The lead economic story on all of the newscasts lately has been the political negotiations about the raising the debt ceiling. According to the Treasury Secretary, if the ceiling is not raised by August 2, the government will run out of money. The appeal of an impending crisis with a fixed deadline makes for a compelling news story – print and television accounts embellish the crisis with hyperbolic headlines (Armageddon is a common word). The basic questions investors might ask are 1) how likely is this to happen, 2) what would occur if it did happen, and 3) what should they do with their portfolio?
First, while both political parties appear to be playing a game of “chicken,” the likelihood of the lack of agreement causing a government default is very low. Indeed, the requirement to raise the ceiling has become nearly an annual event (it has occurred 10 times in the past 9 years). Sometimes the negotiations go smoothly, and sometimes the discussions are politically charged. Indeed, despite the rhetoric, both sides have recently signaled room for compromise. Of course, as is case in any conflict, resolution is never certain. So while the likelihood of a default is low, no one can claim that it is not at least possible.
The common perception is that the U.S. Government has never defaulted on its debt. It actually did as recently as 1979 – during a dispute about raising the debt ceiling, some government payments did not get made. And while there was some disruption in payments, and interest rates were slightly higher as a result of the reduced credibility of the government, clearly the situation of a government default was not as apocalyptic as the media currently suggests. More recently, a budget dispute between the President and Congress in late 1995 led to a shutdown of many non-essential government services for several weeks. Although not directly related to a debt-ceiling, it also showed that the failure to meet a deadline needed to maintain existing government services was survivable.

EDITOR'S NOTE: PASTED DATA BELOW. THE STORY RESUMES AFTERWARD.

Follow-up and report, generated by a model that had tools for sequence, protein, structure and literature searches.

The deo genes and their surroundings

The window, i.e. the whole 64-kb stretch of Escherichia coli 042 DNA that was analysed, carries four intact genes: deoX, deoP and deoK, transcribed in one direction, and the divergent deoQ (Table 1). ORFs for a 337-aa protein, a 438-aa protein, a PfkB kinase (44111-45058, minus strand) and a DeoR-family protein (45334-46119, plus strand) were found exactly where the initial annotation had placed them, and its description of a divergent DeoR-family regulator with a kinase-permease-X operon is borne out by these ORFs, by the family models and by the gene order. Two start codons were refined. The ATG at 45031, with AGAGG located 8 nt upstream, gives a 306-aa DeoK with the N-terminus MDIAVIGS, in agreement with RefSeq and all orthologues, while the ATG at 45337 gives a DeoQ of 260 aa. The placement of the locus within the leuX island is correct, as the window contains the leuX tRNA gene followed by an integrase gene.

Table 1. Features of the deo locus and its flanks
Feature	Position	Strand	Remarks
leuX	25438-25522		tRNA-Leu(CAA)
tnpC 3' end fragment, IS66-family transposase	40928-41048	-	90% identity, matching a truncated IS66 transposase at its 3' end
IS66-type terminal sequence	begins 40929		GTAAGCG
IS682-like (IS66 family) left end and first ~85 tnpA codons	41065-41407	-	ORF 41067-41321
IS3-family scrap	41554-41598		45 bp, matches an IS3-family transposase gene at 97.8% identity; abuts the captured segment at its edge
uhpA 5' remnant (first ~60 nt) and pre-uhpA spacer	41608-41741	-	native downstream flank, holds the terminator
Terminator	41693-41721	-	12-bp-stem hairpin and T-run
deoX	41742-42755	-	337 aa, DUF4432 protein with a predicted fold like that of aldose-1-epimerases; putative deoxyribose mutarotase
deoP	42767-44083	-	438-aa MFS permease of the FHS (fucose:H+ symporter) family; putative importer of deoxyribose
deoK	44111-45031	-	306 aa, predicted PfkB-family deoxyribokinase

What would likely happen if agreement was not reached by the August 2 deadline is a freeze on some government payments, resulting in increased pressure on both parties to resolve the crisis. As the stakes got higher, the likelihood of a compromise would increase. Neither side wants to be known as the party that caused significant damage to the economy.
With our perspective on the political negotiations, it is not surprising that we are recommending no changes to investors’ portfolios as a result of the impasse. Trying to forecast the unforecastable can be an interesting dinner-table activity, but is seldom the stuff of solid portfolio analysis. Indeed, taking actions because of the fear of the impact of unlikely events can often lead to damaging disruptions to a portfolio. For that reason, we suggest you monitor the political theater currently taking place, extracting whatever enjoyment or frustration that it typically provides, but not be concerned about the impact of your investments.